Odd Assertions from the Economist

Two editors from the Economist have an Op-Ed in the WSJ today.  It starts with the strangest assertion

Few political parties have been better at reinventing themselves than the Republicans. 

That is the very first sentence.  No justification for it.  Just a bald assertion.  I suppose the authors would argue that when the Democrats  from being segregationists to affirmative action zealots that they continued to be the party of racial spoils.  Every major party is involved in shifting alliances.  I wish that the GOP was successful in reinventing themselves but I don’t see it.

Then they wander off into a list of traditional GOP/conservative topics about promoting growth.  I’d use Coolidge rather than Gladstone but almost every conservative pundit is nodding his head.  Making the economy market driven with clear tax and regulatory expectations is so obvious.  Of course, the problem is doing it.  We need a Coolidge or Gladstone to take away to the benefits that bureaucracies and businesses enjoy.  How is Silent Cal going to do with today’s electorate?

Then they reverse themselves twice in one paragraph:

Fifth, put yourself on the side of business creation. Visit Silicon Valley, and you’ll find that Republicans are regarded as being out of touch, not least because of their approach to immigration. Gladstone was the ally of the new economic forces that were reshaping Britain, but he encouraged them by creating a level playing field. He was one of the architects of the great legal reforms that allowed anybody to form a limited-liability company. American conservatives should fight to make it easier to take companies public too, partly because that spreads popular capitalism.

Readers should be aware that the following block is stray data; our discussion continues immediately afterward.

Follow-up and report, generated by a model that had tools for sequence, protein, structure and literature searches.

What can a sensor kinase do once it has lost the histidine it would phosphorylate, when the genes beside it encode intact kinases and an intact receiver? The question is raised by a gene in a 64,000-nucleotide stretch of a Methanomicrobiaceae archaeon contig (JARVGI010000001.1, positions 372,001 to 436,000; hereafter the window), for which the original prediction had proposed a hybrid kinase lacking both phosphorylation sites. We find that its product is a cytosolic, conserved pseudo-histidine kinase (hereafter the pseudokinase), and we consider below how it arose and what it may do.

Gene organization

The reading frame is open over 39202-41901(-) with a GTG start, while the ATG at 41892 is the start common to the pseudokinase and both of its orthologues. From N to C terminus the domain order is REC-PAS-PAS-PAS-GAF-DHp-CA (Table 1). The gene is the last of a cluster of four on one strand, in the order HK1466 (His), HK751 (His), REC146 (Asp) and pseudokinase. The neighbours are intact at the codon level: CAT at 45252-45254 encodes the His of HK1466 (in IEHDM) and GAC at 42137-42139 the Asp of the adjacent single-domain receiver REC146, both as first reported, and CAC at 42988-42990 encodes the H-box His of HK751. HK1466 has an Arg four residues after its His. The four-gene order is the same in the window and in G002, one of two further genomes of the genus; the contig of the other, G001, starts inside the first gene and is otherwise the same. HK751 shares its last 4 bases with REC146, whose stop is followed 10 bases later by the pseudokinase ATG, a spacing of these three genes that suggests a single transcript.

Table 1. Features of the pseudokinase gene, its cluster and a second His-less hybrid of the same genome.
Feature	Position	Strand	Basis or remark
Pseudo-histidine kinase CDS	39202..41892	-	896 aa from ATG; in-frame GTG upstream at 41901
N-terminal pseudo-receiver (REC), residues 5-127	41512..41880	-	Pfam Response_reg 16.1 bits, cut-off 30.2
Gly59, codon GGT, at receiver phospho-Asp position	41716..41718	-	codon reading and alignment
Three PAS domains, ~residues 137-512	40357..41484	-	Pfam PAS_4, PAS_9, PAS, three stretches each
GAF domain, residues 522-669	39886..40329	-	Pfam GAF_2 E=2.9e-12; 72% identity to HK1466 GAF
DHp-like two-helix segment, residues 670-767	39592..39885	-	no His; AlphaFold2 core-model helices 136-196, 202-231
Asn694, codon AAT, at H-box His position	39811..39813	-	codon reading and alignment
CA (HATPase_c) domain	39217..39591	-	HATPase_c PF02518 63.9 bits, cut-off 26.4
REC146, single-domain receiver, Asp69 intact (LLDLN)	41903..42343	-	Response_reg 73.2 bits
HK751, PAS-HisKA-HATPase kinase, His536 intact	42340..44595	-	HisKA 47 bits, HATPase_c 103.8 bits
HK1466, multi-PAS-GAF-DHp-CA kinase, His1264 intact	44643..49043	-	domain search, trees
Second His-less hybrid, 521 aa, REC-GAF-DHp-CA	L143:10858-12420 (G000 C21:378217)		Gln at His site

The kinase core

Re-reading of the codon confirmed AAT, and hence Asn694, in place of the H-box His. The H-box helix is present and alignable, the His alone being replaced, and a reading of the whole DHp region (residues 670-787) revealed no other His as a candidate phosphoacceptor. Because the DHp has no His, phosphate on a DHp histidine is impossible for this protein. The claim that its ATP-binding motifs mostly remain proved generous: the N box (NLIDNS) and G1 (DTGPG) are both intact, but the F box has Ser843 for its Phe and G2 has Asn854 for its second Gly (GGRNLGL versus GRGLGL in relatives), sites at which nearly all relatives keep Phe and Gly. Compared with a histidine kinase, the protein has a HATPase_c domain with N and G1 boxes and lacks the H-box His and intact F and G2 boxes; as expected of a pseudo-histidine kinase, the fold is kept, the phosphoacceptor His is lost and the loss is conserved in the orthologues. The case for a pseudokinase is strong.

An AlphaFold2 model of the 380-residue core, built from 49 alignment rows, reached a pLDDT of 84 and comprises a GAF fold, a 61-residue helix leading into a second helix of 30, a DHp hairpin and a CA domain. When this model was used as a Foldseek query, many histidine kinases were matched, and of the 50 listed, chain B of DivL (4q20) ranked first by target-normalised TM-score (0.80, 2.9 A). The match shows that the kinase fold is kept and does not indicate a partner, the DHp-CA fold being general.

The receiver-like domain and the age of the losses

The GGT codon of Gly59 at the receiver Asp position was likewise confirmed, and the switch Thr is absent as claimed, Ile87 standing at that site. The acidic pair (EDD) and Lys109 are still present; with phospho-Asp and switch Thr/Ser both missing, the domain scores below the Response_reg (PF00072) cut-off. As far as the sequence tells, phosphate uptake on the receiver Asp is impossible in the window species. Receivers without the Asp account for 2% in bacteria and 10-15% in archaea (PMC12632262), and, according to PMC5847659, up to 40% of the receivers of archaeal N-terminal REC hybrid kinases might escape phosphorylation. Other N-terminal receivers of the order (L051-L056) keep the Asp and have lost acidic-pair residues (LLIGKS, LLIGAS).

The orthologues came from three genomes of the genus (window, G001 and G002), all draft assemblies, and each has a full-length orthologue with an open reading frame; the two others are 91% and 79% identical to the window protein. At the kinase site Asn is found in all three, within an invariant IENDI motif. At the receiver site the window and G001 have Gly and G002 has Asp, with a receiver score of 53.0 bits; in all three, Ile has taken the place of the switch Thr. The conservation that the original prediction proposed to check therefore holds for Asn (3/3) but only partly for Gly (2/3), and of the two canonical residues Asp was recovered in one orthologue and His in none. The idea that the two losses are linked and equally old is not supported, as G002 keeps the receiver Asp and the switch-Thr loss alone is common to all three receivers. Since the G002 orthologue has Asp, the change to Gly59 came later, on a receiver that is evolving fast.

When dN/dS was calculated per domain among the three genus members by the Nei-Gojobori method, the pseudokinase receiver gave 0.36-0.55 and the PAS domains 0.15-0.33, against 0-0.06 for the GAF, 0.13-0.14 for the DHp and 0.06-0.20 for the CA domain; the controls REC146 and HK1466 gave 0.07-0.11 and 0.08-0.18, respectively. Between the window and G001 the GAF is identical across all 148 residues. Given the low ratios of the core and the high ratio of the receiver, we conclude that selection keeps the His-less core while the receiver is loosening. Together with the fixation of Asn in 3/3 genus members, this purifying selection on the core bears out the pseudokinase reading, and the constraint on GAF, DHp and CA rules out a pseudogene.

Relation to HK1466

Let’s give into the biggest item on crony capitalism’s list: unlimited immigration.  Perhaps they felt they needed to put a hook like that in for the WSJ to accept it.  Then they go to little cronyism.  Let’s make it easy to go public.  How?  Why on earth should market oriented folks fight for that?  Are conservatives going to revise the laws of all 50 states?  What is the evidence that raising capital is a problem?  We have Kickstarter.  Renaissance Capital concluded that 2013 was the best year for IPOs since 2000.  There are lots of areas when regulation needs to be hewn back but capital formation seems the least useful area to work on.

A number of things suggested by the Economist duo makes sense but they will still upset the applecart.  Eliminating tax benefits for large groups of people will have the attack ad folks in full voice.  I would love to eliminate the income exemption for fringe benefits but it is going to be a hard sell.  The who is more important that the what.



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